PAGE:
Change Password for TFS Build Service Account

The TFS Agent for 2015 or 2017 versions is a Windows Server machine that hosts the Service that allows to run Build and Release definitions for your code as part of the DevOps Process. It can run as a Windows Service and can be found by the name VSO Agent in the Services Snap-in. It uses a domain account to run the Windows Service which can be seen under the LogOn properties of the Service.

It runs VSOAgent.exe behind the scenes which is kept in the Agent folder configured for that TFS Agent e.g.


If at any point you require to change the Windows Service account details that was configured earlier due to may be a password change, the following command may help you.

Please note that Password should not be changed from the Services Snap-in as it may cause the Agent Service to break.

  1. Open Command Prompt in Administrator mode.
  2. CD to the directory e.g. as mentioned above C:\TFSAgent\agent\ . Make sure you’re one level above the folder where the VSOAgent.exe is placed else it’ll give error.
  3. Run the following command: .\Agent\VSOAgent.exe /ChangePassword
  4. Fill in the new Credentials as Prompted.
  5. Restart the Service VSO Agent from the Services Snap-in.

The Agent should now be running with the new Service account.

Release Management with TFS

Release Management is a service in VSTS Azure pipelines and TFS on-premise and an essential element of DevOps that helps you continuously deliver software. We can fully automate the testing and delivery of your software in multiple environments all the way to production, or set up semi-automated processes with approvals and on-demand deployments.

CI Build

Release definition defines the end-to-end release process for an application to be deployed across various environments.

You define the release process using environments, and restrict deployments into or out of an environment using approvals. You define the automation in each environment using phases and tasks. You use variables to generalize your automation and triggers to control when the deployments should be kicked off automatically.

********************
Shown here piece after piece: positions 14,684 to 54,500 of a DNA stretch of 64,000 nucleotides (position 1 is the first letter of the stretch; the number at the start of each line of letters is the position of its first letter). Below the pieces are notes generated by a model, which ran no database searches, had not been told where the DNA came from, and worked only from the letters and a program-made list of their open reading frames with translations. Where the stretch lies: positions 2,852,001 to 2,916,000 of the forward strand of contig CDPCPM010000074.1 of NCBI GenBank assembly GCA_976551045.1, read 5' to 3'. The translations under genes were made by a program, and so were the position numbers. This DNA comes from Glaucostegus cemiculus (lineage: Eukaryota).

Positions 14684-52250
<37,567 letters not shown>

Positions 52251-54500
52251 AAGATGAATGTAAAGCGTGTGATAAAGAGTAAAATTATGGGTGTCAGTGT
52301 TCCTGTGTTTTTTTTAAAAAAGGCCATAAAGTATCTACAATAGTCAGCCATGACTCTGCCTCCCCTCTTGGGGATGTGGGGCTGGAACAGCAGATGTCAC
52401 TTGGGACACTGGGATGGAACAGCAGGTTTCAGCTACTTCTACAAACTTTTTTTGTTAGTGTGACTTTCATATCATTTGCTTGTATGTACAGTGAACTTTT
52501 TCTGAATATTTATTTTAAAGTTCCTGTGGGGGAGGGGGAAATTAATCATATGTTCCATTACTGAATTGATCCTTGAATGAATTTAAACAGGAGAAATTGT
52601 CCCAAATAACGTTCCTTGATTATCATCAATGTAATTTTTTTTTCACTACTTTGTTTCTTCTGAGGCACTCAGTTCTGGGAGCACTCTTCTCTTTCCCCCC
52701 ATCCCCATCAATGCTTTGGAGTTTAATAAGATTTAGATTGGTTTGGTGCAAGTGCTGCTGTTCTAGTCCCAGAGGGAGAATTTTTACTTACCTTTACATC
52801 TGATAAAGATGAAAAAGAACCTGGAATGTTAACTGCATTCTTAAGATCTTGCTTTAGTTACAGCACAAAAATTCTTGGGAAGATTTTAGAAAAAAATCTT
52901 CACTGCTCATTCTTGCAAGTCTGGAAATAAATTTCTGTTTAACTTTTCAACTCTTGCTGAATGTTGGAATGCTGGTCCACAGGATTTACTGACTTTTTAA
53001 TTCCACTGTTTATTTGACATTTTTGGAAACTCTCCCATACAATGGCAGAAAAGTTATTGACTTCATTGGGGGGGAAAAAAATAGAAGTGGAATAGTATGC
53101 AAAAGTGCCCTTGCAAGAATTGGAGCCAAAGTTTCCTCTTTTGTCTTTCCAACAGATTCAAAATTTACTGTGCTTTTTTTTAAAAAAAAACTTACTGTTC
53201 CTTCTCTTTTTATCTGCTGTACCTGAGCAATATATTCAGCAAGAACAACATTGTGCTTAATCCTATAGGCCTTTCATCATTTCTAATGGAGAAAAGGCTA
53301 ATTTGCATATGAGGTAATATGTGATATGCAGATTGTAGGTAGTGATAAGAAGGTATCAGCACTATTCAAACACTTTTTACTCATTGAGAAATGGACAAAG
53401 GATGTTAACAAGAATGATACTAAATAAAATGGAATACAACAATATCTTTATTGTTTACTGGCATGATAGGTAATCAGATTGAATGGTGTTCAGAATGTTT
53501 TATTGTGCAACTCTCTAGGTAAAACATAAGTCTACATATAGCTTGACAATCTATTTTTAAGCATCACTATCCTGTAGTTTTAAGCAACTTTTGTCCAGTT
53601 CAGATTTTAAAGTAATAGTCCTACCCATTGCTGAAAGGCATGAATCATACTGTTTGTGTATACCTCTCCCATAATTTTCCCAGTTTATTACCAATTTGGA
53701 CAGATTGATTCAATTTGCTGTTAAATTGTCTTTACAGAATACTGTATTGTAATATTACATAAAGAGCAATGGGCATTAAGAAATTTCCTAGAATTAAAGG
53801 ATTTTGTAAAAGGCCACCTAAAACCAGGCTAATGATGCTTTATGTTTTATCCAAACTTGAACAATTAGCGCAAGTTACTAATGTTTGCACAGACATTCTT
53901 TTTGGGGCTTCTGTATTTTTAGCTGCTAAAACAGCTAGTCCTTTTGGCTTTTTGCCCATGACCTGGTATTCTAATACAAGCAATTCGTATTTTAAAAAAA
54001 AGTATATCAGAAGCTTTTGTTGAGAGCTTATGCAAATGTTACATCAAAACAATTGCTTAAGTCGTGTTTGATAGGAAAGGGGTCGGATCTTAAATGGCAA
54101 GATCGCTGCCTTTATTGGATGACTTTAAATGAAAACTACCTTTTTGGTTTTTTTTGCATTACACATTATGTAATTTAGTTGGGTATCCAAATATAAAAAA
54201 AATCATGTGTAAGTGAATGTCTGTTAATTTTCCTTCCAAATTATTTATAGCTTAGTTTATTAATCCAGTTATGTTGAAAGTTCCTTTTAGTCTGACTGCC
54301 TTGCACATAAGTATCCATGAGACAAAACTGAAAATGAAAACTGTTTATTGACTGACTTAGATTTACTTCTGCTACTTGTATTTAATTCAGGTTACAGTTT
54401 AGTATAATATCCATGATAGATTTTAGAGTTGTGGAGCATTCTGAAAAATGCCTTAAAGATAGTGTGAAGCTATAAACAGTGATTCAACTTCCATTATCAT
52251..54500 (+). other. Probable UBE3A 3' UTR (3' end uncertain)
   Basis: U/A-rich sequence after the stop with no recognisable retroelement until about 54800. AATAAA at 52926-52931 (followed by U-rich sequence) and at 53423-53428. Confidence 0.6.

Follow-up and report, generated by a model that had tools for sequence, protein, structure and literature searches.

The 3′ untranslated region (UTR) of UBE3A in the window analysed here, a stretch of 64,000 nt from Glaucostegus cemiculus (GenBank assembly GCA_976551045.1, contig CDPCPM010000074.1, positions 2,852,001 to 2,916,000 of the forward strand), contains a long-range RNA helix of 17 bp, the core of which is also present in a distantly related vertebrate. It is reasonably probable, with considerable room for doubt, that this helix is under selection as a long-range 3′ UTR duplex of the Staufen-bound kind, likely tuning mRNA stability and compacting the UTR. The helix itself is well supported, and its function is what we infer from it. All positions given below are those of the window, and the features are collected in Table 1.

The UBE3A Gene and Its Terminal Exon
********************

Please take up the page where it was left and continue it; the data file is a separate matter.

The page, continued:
You can create a deployment model on the basis of how you manually deliver the builds using build definition for different environments.

The below Release Definition shows different steps using PowerShell scripts that are modeled basis the manual process created for deployment.

Release definition


Creating a Release definition

Configure your environment:

  • Give the environment a meaningful name by clicking into the Default Environment name provided and enter one of your own e.g. DEV, QA, PRODUCTION.
  • Click on the ellipsis next to the environment name and select Deployment conditions…



Deployment Conditions


This is where we set up how we want our deployment to be triggered. It is here that we define what triggers the deployment of our release.

  • No automated deployment– deployment of the build artifacts will need to be undertaken manually with no automation
  • After release creation– this will deploy the build artifacts to the specified environment every time a new release is created i.e. Continuous Delivery.
  • After successful deployment on another environment– this will deploy the build artefacts to an environment after they have been deployed to another environment e.g. after every successful deployment to the STAGING environment deploy the build artefacts immediately to the QA environment

Use the first option if you are deploying to a production environment i.e. make the deployments to your production environment a manual exercise. Use the second option if you are deploying to a development testing environment as part of a Continuous Delivery pipeline. Use the last option if you want to push your deployments between different testing environments.


You may setup Approvals before the deployment to a particular environment using the Approvals Tab.



Configure a Queue and set demands

The demands may be System defined like “DotNetFramework” or you can set yourself like selecting Agent name.



General Tab



After configuring your environment, the next step would be to add task(s) which will be invoked when we want to deploy our build artifacts to the specified environment. The deployment task is the action that we want to happen when we invoke a deployment e.g. running a PowerShell script to start/stop App Pool, running database scripts, deploy the build on to a Virtual Machine or Azure instance.